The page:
For the case of Colgate, David Nash, partner at McMahon DeGulis, an environmental law firm based in Cleveland, points to prominent cases from just the past year, mentioning Toyota’s struggle with scrutiny on accidents involving its vehicles that were attributed by some to faulty equipment; the firestorm that Goldman Sachs faced when securities regulators essentially accused it of cheating its customers; and BP’s very public missteps in the wake of its giant Gulf of Mexico oil spill. Stabile, 2010) Wide disclosure in a case like Colgate’s could have a negative short-term impact on market share, but it also could generate long-term customer good will. “We talk to our clients about being transparent, but doing it in a smart, responsible way,” Nash says. “Science changes,” he adds. “Medicine changes, So does perception. So does politics. So does tolerance for risk. ” (Stabile, 2010) The company must totally understand and get knowledge about the “best available science” before disclosing. Rupert Murdoch’s “the News of the World” case –

For the second case to address the growing perception this problem reaches well beyond one paper, the company must revisit and reassert its corporate values (Dickinson, 2011). NewsCorp must spell out for every employee the core belief, from its very own values of conduct that “Compliance with the law is crucial to the reputation of NewsCorp and its business units. ” The challenge is making clear those are not just words on a page. NewsCorp must go beyond the newsroom, and into the boardroom, to create real reform.

NewsCorp should re-establish its good reputation by embracing some measures: * Publicly reaffirm the primacy of its “Standards of Business Conduct” as the foundation for employee conduct all the way to the Executive Suite and provide employees. Live up to them. * Set a tone at the top that consistently reinforces these values through both words and deeds. Tell employees, shareholders, and customers how company standards are guiding your decisions during this crisis. * Hold accountable individuals at every level of the organization who have violated standards of professional conduct.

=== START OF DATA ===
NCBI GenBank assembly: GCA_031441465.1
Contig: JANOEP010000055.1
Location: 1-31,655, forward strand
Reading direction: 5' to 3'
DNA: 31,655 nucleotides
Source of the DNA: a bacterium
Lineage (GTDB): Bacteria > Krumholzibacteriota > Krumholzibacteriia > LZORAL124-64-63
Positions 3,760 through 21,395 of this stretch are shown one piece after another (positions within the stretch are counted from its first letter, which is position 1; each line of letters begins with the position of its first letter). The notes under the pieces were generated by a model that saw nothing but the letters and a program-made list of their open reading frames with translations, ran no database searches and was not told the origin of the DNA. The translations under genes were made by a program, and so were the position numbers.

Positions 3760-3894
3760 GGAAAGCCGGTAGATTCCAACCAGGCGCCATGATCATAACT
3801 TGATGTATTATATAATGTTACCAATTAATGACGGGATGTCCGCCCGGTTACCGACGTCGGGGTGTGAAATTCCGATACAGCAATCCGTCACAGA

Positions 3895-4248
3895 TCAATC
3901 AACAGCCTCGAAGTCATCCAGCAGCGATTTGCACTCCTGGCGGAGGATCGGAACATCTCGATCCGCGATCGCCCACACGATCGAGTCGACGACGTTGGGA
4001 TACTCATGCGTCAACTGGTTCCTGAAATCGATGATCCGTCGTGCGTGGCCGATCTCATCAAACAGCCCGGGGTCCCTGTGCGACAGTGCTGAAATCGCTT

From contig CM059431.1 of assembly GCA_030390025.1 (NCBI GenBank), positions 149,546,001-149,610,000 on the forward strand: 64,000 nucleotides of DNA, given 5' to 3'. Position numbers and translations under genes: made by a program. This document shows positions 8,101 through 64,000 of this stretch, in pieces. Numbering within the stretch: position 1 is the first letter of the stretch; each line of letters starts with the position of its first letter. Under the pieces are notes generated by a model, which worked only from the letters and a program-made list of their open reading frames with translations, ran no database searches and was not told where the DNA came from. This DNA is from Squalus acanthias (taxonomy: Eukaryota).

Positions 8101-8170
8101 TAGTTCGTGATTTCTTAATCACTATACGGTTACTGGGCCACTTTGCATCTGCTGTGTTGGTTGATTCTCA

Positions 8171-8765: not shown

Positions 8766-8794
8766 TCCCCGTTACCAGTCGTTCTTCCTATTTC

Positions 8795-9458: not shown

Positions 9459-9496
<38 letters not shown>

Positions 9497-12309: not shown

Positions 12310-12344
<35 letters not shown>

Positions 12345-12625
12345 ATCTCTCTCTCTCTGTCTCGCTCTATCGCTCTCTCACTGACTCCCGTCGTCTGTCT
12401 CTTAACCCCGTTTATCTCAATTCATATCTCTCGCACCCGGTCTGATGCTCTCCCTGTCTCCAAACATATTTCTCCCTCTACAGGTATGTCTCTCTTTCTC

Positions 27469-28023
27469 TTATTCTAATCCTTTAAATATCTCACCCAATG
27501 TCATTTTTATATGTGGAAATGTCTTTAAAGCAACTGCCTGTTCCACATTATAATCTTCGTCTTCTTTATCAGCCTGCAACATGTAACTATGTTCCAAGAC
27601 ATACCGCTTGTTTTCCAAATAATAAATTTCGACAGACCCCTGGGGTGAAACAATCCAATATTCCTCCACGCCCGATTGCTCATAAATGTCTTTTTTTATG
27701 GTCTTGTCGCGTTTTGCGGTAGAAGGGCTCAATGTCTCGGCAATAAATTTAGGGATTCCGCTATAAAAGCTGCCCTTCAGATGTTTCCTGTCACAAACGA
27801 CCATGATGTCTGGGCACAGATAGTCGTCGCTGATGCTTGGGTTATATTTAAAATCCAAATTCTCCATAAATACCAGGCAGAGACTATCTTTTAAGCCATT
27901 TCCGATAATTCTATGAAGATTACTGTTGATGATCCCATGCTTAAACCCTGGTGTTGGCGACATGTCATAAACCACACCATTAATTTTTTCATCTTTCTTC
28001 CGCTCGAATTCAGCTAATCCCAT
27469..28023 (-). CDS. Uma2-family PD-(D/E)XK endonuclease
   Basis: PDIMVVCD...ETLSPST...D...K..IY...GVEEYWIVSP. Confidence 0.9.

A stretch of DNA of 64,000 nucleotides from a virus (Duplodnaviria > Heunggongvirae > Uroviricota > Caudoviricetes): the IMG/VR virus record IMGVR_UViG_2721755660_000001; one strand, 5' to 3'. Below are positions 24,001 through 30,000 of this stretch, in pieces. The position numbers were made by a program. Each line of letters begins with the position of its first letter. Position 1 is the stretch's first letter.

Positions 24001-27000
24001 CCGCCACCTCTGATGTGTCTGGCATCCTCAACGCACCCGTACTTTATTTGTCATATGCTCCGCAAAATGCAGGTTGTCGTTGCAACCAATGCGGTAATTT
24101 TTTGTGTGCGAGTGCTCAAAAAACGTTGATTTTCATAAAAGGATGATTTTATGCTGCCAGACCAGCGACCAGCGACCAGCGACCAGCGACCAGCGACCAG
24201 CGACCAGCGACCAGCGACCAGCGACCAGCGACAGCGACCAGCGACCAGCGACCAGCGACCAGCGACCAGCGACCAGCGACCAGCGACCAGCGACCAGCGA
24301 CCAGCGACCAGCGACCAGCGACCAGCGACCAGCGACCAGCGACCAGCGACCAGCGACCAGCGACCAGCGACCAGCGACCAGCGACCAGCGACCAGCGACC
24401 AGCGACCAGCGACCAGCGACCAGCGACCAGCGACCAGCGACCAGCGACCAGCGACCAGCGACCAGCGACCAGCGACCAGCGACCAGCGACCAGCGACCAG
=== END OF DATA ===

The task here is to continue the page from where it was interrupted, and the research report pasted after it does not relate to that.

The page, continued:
Employees need to see that your company will conduct a fair investigation to identify the individuals who have been involved in this scandal. * Renew attention to organizational culture and root out mixed messages or subtle signals that might open the door to misconduct. * There should be a broader culture within the company. In a strong ethical culture where employees are more committed to the company, workplace misconduct can be reduced by as much as 50%. (Harned, 2011) To be more constructive, what’s needed here is culture change.

The fastest and deepest way to induce culture change is through a change in leadership. That means some combination of firings, resignations, take-overs, shareholder revolts, boycotts, investigate reporting (good luck with that one), buy-outs, mergers, or palace coups. Short of that, history amply suggests that highly successful people rarely undergo conversions in their core value systems; particularly not because they were urged to embrace measures. Conclusion: This report aims to offer insights into the complications of moral and ethical issues in business and society.

Ethics is a method of moral principles and attitude that leads our activities to be morally acceptable, reasonable and accurate. Ethics are the central part of our behaviour and reaction towards an event or a situation, which are not just only allowing good behaviour and virtue. Ethics are expressions and presentation of values of moral performance leading the members of a profession, business or a society, so that it can protects the interests of the people involved with these organizations.